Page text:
I emailed and emailed the listing and never got a return email so after a week I noticed the lister had added a phone number. I called him up only to find out that there was a buyer driving up to pick it up in 2 days, but that he would hold it for me as a parts car if I would be interested in buying his Stepside project he had in the garage! For only $8000 I could buy his parts and pieces and assemble my own Stepside… and then get divorced.
I gave up the thought and let the step-side go, thinking that someday I would find another in a field or something and all would be well in the world. Then my obsession ate away at me and I went over to eBay and put in an alert search for any 1958 D-100 that might come up. Less than a week later I got a listing alert for a nice 58 Step-side that was rust free and all original and was no reserve starting at $500. Then I looked at the location… and BAM! It was within a mile of my house! I spent the next week waiting and bidding and hoping and obsessing and talking to my wife about this truck I might buy. Today the stars lined up and I won the auction. The wife relented and I will be picking it up within the week. Let the work begin!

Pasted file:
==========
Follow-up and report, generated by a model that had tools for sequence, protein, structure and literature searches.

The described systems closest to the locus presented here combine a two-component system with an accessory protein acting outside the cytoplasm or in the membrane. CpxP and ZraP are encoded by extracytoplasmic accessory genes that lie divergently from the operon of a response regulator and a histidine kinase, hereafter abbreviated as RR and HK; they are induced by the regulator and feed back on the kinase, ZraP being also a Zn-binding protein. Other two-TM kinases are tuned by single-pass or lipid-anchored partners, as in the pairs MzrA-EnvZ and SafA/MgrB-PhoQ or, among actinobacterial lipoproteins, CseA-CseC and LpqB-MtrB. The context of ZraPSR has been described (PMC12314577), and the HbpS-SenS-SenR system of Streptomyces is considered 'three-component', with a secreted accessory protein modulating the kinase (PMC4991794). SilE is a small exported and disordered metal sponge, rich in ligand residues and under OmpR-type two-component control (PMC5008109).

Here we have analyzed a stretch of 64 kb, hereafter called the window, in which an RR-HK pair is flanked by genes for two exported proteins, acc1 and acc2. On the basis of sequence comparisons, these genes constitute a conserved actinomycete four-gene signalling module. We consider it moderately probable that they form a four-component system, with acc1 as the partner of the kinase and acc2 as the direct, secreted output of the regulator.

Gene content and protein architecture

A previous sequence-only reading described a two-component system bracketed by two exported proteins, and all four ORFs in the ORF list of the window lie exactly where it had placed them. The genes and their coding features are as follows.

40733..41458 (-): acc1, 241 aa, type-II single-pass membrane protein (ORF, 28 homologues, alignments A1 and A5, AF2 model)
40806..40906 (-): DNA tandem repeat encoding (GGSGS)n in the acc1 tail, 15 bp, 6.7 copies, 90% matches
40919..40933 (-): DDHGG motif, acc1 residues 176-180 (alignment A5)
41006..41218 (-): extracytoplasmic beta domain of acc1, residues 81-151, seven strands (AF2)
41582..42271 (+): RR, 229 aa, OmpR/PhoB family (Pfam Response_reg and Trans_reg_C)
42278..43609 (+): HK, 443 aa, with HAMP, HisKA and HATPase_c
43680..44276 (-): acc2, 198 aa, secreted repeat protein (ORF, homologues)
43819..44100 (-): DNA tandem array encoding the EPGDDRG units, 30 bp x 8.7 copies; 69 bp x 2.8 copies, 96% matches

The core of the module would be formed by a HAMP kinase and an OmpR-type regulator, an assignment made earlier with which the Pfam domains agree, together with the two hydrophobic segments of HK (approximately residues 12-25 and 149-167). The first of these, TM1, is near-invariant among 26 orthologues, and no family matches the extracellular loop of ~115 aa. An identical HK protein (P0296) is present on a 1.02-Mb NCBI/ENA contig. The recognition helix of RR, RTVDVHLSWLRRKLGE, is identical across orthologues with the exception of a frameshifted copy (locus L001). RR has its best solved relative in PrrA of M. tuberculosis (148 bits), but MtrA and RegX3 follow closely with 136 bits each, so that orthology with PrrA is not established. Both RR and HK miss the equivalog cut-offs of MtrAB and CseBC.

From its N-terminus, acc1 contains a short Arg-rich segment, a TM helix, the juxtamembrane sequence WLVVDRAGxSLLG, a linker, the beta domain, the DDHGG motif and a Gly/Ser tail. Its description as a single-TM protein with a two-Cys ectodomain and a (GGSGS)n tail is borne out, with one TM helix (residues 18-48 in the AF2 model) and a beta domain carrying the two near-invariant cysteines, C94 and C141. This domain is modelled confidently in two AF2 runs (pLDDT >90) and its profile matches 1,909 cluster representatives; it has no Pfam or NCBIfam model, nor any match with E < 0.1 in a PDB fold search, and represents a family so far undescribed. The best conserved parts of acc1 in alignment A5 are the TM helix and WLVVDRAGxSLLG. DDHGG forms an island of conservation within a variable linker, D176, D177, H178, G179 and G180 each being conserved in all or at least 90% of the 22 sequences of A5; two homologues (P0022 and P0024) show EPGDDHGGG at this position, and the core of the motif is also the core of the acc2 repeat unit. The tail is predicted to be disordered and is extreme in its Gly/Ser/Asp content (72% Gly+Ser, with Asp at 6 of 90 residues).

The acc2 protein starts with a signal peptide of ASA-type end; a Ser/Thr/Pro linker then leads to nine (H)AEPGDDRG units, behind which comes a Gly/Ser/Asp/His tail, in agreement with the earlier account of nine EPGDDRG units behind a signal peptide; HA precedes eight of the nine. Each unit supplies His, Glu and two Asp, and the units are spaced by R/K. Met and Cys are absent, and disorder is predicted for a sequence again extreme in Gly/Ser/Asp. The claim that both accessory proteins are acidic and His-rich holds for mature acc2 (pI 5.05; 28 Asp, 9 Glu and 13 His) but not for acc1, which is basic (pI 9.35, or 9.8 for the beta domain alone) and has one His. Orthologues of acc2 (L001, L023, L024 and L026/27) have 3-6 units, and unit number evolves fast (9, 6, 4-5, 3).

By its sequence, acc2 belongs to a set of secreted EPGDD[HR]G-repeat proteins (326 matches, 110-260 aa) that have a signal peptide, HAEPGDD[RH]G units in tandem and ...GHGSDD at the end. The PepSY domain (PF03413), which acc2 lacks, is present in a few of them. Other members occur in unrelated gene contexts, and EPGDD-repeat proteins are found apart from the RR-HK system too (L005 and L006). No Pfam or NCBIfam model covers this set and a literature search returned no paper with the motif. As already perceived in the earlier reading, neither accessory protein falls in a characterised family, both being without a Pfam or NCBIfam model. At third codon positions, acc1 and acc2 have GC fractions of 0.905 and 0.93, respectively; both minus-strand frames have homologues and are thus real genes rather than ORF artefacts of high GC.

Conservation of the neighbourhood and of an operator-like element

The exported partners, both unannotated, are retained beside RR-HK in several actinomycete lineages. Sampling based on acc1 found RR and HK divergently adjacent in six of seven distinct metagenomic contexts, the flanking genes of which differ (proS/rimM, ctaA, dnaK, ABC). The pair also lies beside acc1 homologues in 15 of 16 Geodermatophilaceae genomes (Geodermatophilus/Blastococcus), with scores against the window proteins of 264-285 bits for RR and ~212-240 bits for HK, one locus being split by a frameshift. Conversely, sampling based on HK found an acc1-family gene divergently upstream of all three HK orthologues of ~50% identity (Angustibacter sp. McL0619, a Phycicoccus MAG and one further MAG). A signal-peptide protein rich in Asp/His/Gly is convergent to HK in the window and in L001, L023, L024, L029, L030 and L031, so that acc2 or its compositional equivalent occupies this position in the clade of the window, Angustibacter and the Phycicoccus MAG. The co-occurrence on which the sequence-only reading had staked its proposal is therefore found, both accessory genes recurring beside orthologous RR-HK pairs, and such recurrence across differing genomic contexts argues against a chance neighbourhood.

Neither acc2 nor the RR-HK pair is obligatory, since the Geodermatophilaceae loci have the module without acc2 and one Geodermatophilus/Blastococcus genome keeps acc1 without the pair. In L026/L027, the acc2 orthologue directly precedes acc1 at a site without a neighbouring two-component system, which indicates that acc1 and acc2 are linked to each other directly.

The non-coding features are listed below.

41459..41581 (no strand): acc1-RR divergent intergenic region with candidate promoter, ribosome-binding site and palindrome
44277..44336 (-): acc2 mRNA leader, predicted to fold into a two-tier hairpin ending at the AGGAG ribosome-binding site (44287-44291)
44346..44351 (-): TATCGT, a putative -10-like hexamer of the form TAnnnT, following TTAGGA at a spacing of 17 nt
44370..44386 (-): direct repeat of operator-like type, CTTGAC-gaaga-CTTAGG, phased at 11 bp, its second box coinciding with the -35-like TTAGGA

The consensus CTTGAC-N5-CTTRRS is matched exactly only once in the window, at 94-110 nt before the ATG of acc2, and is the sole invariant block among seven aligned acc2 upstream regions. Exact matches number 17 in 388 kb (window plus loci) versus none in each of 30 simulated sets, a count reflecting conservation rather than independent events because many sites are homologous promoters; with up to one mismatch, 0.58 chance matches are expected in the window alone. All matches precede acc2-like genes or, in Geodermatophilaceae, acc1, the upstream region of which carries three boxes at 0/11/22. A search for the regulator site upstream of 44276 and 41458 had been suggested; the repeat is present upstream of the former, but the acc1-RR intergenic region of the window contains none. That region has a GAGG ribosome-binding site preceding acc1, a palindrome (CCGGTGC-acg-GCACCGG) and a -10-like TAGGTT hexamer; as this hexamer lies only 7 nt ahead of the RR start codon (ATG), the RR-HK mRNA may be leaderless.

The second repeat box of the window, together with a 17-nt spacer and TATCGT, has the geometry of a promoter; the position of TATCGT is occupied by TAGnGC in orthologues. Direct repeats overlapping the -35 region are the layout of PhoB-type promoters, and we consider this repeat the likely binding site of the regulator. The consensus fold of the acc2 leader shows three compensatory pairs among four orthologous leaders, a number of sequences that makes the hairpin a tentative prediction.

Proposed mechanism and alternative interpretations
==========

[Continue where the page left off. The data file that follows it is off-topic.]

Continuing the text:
Here are the auction photos:
I will take more photos when I have it in my possession. Until then…
I entered a carpark to pick up my rental car in Cuenca, Ecuador and came across this amazing old pickup. It has now started my new obsession…
In 1957 Dodge introduced the Sweptside pickup by using the Custom Cab Dodge D100 1/2 ton long bed pickup with the application of the rear side fins from a Dodge wagon, giving it the appearance of a full width bed with classic 50’s styling, including two-tone paint, chrome accents and taillights embedded in classic fins at the rear. They continued the look in 1958 with addition of a unique new grill with inset horizontal teeth. They only used this grill for a year, and for my taste it was the perfect grill.